The Museum of Jurassic Technology seems like any typical museum, and that’s just what it wants you to think. Founded in 1988 by David Wilson, the museum contains various exhibits of art and historical artifacts, including portraits of soviet space dogs, intricate dioramas of trailer park homes, and the personal history of the man who discovered that bats can fly through solid objects (which of course, they can’t). The Museum exhibits blend history and fiction with displays containing elements of verifiable events and individuals, alongside fabricated and fantastical stories. The way that the museum presents embellished history as truth leads visitors to question the ways that we learn in museums, and maybe even the ways we learn about history in general. Going to the MJT is a fun way to explore your own critical thinking skills, and the ways you use them when you approach historic places.
Set in Culver
City, home to a significant share of the film production businesses that gives
Hollywood its fame, the Museum sits where the illusion of reality is a
common practice of business. David Wilson, who founded the MJT in 1988, and
his wife (Diana) who now helps run it, began their careers not as historians or
curators, but as artists. Born in 1956, and educated as a filmmaker, David cites
his love of museums everywhere as the rationale behind the project. He says
that the distinction between art and science is a difficult one to describe,
and that the goal of his museum, like many others is simply to inspire a search
for meaning amid the chaos of life.
When the museum
first opened in 1988 it contained only a few exhibits in a rented
storefront space. Since then, and with the help of several grants and private donors,
it has expanded to include an additional storefront and, in 2005, a second
floor. The first floor contains diverse exhibits including the artwork of Hagop
Sandaldjian (who carves “microminiature” sculptures out of a strand of hair),
sets of decomposing antique dice once owned by magician Ricky Jay, and a
collection demonstrating pre-scientific cures and health advice. The 2005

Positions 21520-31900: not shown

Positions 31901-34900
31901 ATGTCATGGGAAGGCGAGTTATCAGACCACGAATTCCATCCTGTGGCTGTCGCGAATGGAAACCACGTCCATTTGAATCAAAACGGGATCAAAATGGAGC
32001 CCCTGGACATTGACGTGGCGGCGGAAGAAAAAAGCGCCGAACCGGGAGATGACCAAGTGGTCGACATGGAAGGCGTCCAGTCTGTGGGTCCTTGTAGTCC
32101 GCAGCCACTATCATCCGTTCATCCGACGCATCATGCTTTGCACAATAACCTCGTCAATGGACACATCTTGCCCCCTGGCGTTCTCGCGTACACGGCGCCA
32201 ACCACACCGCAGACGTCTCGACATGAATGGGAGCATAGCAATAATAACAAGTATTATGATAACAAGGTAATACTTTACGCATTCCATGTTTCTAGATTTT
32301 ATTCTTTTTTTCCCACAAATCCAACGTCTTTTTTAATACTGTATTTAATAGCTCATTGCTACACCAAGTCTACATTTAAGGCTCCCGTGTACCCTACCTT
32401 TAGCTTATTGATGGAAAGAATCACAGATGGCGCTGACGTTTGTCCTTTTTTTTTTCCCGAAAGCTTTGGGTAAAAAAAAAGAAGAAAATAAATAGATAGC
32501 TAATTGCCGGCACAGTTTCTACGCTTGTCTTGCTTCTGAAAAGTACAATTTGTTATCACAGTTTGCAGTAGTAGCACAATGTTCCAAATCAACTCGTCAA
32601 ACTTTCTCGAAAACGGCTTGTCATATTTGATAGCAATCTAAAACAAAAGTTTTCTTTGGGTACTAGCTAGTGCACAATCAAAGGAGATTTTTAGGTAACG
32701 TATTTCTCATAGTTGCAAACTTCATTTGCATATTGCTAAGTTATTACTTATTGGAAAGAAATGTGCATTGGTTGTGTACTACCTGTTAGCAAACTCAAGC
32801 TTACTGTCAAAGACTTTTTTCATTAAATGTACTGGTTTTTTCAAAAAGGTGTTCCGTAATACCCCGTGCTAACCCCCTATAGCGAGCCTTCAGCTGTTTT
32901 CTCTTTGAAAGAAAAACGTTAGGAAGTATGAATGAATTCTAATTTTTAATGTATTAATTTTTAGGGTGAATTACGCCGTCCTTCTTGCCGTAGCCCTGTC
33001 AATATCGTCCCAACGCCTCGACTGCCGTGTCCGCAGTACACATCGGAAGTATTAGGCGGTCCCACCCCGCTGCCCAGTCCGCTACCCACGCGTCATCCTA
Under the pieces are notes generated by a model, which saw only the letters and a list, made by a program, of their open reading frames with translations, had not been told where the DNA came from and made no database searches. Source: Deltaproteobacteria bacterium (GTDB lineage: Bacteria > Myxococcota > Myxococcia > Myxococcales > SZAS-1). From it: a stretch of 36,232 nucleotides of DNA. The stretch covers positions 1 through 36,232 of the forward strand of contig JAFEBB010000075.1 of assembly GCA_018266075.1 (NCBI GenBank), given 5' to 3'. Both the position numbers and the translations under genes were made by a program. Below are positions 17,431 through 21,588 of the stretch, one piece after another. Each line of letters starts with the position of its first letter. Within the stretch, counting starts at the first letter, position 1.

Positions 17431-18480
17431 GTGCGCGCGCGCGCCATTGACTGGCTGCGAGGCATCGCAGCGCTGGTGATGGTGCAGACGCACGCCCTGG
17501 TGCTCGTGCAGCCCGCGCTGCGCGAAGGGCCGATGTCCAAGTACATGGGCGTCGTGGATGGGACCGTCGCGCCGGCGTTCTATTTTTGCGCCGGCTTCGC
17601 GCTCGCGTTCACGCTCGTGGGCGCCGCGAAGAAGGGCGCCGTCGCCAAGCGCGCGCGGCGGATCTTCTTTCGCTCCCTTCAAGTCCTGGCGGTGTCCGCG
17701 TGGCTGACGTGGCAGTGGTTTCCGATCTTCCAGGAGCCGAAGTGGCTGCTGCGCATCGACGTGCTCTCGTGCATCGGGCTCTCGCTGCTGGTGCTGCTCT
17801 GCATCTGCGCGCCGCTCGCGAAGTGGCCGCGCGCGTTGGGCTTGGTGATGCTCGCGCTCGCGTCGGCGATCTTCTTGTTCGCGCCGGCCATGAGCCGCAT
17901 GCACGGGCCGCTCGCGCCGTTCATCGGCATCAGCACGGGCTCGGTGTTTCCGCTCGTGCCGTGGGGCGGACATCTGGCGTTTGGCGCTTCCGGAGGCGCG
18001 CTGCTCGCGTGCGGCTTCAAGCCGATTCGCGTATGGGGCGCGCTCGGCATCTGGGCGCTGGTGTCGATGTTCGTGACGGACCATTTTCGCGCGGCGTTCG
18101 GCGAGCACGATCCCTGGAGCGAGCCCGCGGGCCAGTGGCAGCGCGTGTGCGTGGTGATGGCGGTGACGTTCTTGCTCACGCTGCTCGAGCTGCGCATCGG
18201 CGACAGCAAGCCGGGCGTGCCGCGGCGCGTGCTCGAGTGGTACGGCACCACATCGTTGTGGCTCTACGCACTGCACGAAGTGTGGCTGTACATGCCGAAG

expansion added a Russian tea-room (supposedly a reconstruction of the study
from a Tsar’s palace), garden, and theater.
David and his
wife are often purposely aloof about the museum, and many publications about
the MJT online, such as the museum’s website and Wikipedia article, do not fully describe the true purpose of the museum. That is part of the experience as well. Not
all visitors appreciate the museum’s mystery. Yelp and other web 2.0 tourist
guides are full of entries complaining that no one even seems to know what
“Jurassic Technology” means. For David the sense of mystery is important because it
makes the museum more effective. Visitors not only have to question the
knowledge presented in the museum itself, but also the museum’s own webpage, as well as other publications.
The MJT uses such traditional
tools of the museum industry as neat labels, low lighting, cases and glass, and
the arrangement of artifacts and art in specific ways in order to tell a story.
The MJT also borrows from the museum industry’s past. Its eclectic collection hints back to the days of curiosity cabinets and the works of P. T. Barnum, with a
wide range of artifacts spanning decades, continents, and cultures. Wilson’s
goal is both to tell an engaging story through those artifacts, and to then
have visitors question what they have just learned. The process is effective
because of Wilson’s choice of fascinating stories to tell. Visitors
want them to be true, and happily enough some of them are factual. But the exhibits include both real and imagined events and people, and
so this museum may offend those who hold sacred the role of historians. For
those with a willingness to explore, the MJT is a fun exercise in questioning
meaning, authority, and the ways in which we learn.